Alexander Ochs Galleries, Berlin
Acquired by the present owner from the above
Fang Lijun's bald-headed figures represent tacit helplessness of the Chinese people in nineties. In an atmosphere of intense commercialism and urbanization, the hooligans depicted by Fang Lijun are those of an ideal-less generation, disillusioned and bored. Post-89 and the Tiananmen Square incident, the generation of Chinese people who had such enthusiasm and hope for their developing country, found itself once again lost and apathetic towards their political and social reality.
Fang's art, from this point on, has slowly transcended to an anthropological contemplation. Through the depiction of different animals—birds, insects, fish and beasts—this new series of paintings bring to the viewer's attention Fang's meditation about life. In this series reminiscent of the South American literary movement of Magic Realism, we see clans of animals closely flying horizontally across the large canvas, swirling into a central point. Are they chasing each other? Or are they competing? Or is it an omen for mankind? The artist once asserted: "Swans and flies are creatures with flying capability; a comparative human aesthetic simply does not exist." To Fang, all animals are equal; they embody a raw and natural message that is constantly in communication with humans. Fully realized in 2006.5.5, a painting of magnificent scale, Fang openly suggests the importance of the animal world. In the work, we cannot distinguish if it was the swan that became the jetfighter or vice versa. To the artist, flying swans are a metaphor of human beings, showing their beauty and dynamism. 2006.5.5 (Lot 618) is a milestone demarcating the artist's new series of works and move away from the grinning bald-headed men of his earlier phase.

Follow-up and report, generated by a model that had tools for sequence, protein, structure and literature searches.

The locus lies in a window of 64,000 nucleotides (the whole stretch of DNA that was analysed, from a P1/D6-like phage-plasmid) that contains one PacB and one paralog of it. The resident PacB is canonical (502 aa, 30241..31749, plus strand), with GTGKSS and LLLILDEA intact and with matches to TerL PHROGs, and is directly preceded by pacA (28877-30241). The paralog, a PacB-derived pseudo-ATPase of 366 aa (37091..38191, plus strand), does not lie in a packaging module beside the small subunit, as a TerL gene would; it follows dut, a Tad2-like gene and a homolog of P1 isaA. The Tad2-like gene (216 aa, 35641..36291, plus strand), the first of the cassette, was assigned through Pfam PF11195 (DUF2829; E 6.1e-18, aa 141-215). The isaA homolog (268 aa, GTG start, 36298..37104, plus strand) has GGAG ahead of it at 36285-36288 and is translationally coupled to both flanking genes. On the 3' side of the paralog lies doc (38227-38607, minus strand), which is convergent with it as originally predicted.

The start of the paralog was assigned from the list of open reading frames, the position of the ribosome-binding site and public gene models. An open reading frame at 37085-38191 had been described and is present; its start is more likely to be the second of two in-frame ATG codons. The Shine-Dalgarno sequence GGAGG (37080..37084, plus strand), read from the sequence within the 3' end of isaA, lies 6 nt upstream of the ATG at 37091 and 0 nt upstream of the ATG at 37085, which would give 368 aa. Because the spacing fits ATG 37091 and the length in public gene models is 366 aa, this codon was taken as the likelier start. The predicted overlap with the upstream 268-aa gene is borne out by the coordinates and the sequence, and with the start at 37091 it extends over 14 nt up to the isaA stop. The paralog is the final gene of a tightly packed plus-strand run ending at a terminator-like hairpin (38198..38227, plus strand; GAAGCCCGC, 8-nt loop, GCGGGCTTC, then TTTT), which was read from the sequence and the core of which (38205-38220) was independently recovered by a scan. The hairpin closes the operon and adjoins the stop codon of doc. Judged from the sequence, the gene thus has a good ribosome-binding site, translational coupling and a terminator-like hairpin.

Works from this series have been shown in various major retrospective exhibitions. Among them are Fang Lijun Solo Exhibiition in 2007 at the Shanghai Art Museum and Endlessness of Life: 25 Years Retrospect of Fang Lijun in 2009 at the Taipei Art Museum.
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